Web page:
To avoid early extending, several physical characteristics must be developed. Here are some tests we administer in our mobility screening to help identify faulty movement patterns associated with early extension.
1- Deep Squat Test (video) – https://youtu.be/ww8vrCeB1IE
- Any limitation in performing a full deep squat can force a golfer to early extend in the downswing. These restrictions can change an optimal contact position and cause the golfer to tweak his/her spinal position throughout their swing.
- Here are some of my go-to drills and exercises to help improve one’s overhead deep squat test – https://youtube.com/shorts/szzi3VYj720?feature=share
2- Lower Quarter Rotation Test (video) – https://youtu.be/f_Yyv1Wh1pg
- This test is helpful for assessing a golfer’s ability to perform lead hip internal rotation and trail hip external rotation. If the lead hip cannot internally rotate very well, you will likely see a forward thrust toward the ball on the downswing. The pelvis needs to be able to rotate around the lead hip. If it is unable to, it will look more like a forward and lateral movement.
- Here are some of my go-to drills and exercises to help improve one’s lower quarter rotation test – https://youtu.be/LPifBpfKCmw
3- Seated Trunk Rotation Test (video) – https://youtu.be/wFivVfAvpMk
- Evaluating a golfer’s ability to disassociate their lower body from their upper body is an important piece to the puzzle. We oftentimes refer to this as thorax-to-pelvis separation. When golfers cannot disassociate, they cannot maintain a stable posture. They will also struggle with their sequence of motion during the swing. Poor spinal mobility and limited lat flexibility are common culprits. Also, the ability to stabilize the lower body is greatly influenced by gluteal strength and core strength.
- ·Here are some of my go-to drills and exercises to help improve one’s seated rotation test – https://youtube.com/shorts/Srx6ziD5tSo?feature=share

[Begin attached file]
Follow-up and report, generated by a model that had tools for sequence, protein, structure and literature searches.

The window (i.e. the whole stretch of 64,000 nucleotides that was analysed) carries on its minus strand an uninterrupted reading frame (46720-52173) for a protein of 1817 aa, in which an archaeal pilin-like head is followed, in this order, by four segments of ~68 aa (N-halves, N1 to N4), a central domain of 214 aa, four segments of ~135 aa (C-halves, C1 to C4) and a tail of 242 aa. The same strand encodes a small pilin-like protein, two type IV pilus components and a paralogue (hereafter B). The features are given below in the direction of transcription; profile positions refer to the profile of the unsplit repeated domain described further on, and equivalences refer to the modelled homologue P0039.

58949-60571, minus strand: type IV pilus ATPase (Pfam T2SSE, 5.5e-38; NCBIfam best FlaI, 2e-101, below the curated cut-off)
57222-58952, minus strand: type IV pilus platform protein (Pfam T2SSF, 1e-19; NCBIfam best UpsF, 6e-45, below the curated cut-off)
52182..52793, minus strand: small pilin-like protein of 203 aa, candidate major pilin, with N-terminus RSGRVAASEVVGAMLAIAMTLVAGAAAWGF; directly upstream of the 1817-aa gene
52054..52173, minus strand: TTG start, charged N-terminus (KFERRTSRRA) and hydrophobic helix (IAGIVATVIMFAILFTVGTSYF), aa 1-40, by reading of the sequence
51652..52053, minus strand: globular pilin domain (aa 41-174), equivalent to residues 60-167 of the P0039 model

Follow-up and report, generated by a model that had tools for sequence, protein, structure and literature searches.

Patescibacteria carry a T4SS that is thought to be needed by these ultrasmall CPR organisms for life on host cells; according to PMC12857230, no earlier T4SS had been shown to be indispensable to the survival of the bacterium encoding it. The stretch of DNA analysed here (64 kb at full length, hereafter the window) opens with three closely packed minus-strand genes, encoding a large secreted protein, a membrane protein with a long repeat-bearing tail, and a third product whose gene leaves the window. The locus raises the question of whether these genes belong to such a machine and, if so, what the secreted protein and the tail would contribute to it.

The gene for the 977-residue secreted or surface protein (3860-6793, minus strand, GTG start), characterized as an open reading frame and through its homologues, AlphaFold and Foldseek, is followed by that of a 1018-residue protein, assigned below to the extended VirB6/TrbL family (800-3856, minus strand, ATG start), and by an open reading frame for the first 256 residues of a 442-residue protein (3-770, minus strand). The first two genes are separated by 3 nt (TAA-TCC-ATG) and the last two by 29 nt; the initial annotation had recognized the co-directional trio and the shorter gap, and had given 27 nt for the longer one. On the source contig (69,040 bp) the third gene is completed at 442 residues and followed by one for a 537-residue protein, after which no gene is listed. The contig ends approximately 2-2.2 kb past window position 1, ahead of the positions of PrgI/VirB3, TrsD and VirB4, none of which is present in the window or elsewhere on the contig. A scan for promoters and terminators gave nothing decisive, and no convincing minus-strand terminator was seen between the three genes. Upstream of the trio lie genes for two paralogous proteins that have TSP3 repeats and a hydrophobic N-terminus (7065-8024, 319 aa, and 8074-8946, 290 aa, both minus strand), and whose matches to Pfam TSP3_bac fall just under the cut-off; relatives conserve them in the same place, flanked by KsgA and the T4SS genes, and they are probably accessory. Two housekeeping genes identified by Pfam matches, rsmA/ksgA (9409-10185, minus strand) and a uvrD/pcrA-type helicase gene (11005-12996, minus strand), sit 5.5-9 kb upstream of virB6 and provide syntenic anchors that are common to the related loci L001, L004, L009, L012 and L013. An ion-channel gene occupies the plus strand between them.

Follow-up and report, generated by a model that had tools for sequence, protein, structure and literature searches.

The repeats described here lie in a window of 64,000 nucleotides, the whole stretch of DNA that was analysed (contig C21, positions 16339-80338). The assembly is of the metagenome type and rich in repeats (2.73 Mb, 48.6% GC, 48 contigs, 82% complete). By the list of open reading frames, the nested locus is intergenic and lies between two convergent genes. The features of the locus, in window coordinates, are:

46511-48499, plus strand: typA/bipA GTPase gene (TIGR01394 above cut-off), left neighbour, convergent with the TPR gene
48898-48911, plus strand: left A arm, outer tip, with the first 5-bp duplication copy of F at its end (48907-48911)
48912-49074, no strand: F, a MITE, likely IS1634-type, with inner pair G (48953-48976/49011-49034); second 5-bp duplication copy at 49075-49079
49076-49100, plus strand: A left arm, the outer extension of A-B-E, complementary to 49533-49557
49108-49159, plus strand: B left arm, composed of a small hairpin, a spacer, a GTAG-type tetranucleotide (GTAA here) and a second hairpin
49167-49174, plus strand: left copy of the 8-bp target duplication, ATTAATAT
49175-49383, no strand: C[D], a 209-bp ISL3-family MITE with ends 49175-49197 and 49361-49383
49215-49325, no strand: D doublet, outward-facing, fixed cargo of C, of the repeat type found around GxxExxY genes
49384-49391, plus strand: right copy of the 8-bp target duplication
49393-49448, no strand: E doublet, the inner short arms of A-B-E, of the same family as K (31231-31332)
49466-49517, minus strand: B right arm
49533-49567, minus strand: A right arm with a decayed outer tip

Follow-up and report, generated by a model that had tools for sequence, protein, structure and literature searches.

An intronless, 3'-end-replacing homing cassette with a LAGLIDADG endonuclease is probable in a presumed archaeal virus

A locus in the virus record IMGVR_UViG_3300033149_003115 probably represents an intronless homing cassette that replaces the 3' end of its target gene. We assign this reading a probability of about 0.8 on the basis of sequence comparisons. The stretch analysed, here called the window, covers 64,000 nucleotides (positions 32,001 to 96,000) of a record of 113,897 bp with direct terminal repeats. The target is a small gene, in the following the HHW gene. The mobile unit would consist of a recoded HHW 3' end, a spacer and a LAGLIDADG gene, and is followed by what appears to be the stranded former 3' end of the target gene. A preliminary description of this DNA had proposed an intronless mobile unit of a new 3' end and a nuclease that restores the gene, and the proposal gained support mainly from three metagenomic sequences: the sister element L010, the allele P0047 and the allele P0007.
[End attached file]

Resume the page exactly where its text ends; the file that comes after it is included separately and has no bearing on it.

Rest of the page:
4- Dorsiflexion Test (video) – https://youtu.be/4vnMeRIQ3EQ
- Our feet are oftentimes the most overlooked area. It’s important to assess one’s ankle mobility and overall functionality of the foot because that is our connection to the ground. Limited ankle mobility can have significant detrimental effects all the way up the chain. A quick example would be rolling forward onto the toes during the backswing and/or downswing, resulting in early extension.
- Here are some of my go-to drills and exercises to help improve one’s ankle mobility for the dorsiflexion test – https://youtube.com/shorts/j4tcQQdk7Os?feature=share
· TPI Online Ed. (2022, September 1). Early Extension (Dynamic Posture) www.MyTpi.comhttps://www.mytpi.com/mycertification/onlinecourses/v2/course/1005/lesson/1018
Michael has been a strength coach at Olympia Fitness and Performance for three years. Michael graduated from Rhode Island College where he studied Community Health & Wellness with a concentration in Wellness & Movement studies. After graduating, Mike went on to get his CSCS (certified strength and conditioning specialist) through the NSCA. He is also a Certified Speed and Agility Coach, as well as a TPI certified coach. In his three years as a strength coach, Mike has helped clients from all walks of life improve their fitness levels. He has a strong passion for helping young athletes not just improve their athletic performance, but also helping them build confidence.